Makers of non-durable goods, such as food and many medical supplies, saw bigger employment gains in that sector over the last two years — 1,200 jobs beyond what it had before the pandemic as of January, according to data from the U.S. Bureau of Labor Statistics.

“We saw in January [2021] things starting to pick back up, and it’s going gangbusters,” Shelly McWilliams, President of Lehigh Valley Plastics and LVEDC board member, said during a virtual forum last year. “We’re making as many parts as fast as we can, trying to hire people and to meet this demand that is out here. It’s been a complete flip of the switch.”

The Lehigh Valley recovered jobs at a faster pace than Pennsylvania and the United States.

Last year, the LVEDC tracked 20 manufacturing expansions or moves in the Lehigh Valley. OraSure Technologies grew its operations to meet the demand for its expanding business that includes federal contracts for COVID-19 tests. Confectionary maker Stuffed Puffs opened a new facility with proprietary manufacturing process in Hanover Township, Northampton County, and A.P. Deauville, among the nation’s leading marketers and manufacturers of personal care products, relocated from New Jersey, opening its new manufacturing operations in Forks Township, creating 105 new jobs.

A new report by the Federal Reserve Bank of Philadelphia, whose territory includes the Lehigh Valley, paints an optimistic outlook for manufacturing in its district. Nearly 45% of the manufacturers reported increasing employment in this month, pushing the employment index to an all-time high. About 40% of the manufacturing firms surveyed expect activity to increase in the next six months.

The outlook comes amid a recovery of Lehigh Valley’s labor force. Preliminary data show there are 359,700 people employed or looking for a job in Lehigh and Northampton counties. That exceeds what the labor force of 357,500 in January. The unemployment rate is slightly higher now at 5.2% compared to 4.5% two years ago.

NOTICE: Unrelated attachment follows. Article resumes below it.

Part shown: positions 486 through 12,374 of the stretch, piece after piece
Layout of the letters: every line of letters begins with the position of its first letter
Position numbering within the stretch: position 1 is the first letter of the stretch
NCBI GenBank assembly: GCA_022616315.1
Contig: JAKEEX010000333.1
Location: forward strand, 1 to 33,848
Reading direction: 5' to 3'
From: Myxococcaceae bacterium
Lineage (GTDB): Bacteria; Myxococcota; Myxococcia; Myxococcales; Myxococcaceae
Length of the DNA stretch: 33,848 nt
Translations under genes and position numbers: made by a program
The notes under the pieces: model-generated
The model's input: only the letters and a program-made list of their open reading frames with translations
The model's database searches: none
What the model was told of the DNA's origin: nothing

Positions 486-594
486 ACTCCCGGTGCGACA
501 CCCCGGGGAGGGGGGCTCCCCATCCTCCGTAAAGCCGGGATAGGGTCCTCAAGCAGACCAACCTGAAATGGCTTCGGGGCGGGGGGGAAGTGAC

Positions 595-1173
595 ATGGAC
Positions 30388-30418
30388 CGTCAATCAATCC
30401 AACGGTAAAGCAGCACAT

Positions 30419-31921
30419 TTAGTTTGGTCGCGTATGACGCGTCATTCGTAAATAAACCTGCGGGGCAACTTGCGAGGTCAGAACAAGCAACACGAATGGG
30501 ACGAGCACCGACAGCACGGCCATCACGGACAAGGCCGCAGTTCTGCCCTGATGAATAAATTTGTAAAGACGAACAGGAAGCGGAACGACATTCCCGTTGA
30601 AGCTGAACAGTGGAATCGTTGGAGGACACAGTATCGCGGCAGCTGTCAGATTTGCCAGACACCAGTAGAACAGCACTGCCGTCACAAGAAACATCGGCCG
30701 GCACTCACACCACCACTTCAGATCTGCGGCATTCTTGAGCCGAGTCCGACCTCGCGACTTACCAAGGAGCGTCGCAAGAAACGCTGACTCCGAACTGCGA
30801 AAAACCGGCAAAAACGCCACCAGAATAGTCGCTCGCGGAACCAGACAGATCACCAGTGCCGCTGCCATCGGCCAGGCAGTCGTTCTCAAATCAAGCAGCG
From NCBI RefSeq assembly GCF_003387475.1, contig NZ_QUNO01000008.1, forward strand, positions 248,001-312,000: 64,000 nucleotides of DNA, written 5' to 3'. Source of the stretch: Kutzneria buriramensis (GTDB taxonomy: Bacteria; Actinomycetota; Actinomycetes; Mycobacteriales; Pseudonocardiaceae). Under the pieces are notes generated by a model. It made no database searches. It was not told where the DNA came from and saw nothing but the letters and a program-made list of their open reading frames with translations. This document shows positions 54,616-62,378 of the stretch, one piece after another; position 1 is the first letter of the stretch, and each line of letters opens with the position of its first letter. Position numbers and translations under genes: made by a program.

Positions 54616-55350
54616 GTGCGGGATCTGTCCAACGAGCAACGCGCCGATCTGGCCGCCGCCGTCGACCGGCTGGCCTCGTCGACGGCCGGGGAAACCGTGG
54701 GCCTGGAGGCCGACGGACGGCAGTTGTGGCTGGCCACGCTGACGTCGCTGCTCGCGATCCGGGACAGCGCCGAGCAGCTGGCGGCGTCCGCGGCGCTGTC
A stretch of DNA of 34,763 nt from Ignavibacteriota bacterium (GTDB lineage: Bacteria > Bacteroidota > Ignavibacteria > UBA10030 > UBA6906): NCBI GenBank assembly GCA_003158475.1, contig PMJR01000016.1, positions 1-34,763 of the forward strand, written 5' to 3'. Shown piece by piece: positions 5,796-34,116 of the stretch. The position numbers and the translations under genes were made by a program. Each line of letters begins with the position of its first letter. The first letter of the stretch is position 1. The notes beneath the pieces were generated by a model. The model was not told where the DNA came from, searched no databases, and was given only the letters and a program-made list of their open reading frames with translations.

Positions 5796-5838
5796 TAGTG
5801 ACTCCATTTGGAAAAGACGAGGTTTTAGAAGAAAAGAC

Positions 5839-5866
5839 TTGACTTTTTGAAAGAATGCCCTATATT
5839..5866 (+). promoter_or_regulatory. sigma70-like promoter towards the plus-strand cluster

The labor force data is preliminary and subject to change.

The LVEDC is working on several talent strategies to ensure a strong labor force in the future. Earlier this year, LVEDC in partnership with the Workforce Board Lehigh Valley commissioned a Talent Study update that highlights the successes and challenges of employers during the pandemic, assesses the regional workforce, and offers strategies employers and educators can use to strengthen the talent pipeline.

The assessment of the talent market is just one of the many initiatives of the LVEDC’s Education and Talent Supply Council, a regional coalition formed in 2015. The council brings together leaders from business, education, and community organizations to identify talent market gaps and implement strategies that strengthen our talent pipeline in the Lehigh Valley.

Other efforts included annual Internship Summits to encourage the creation and expansion of internship opportunities between employers and colleges, a published Internship Toolkit of best practices, and a directory of Career Development contacts. The LVEDC also publishes Hot Career guide, an annual assessment of the most in-demand occupations in the Lehigh Valley with accompanying information on the educational requirements and earnings potential of those jobs.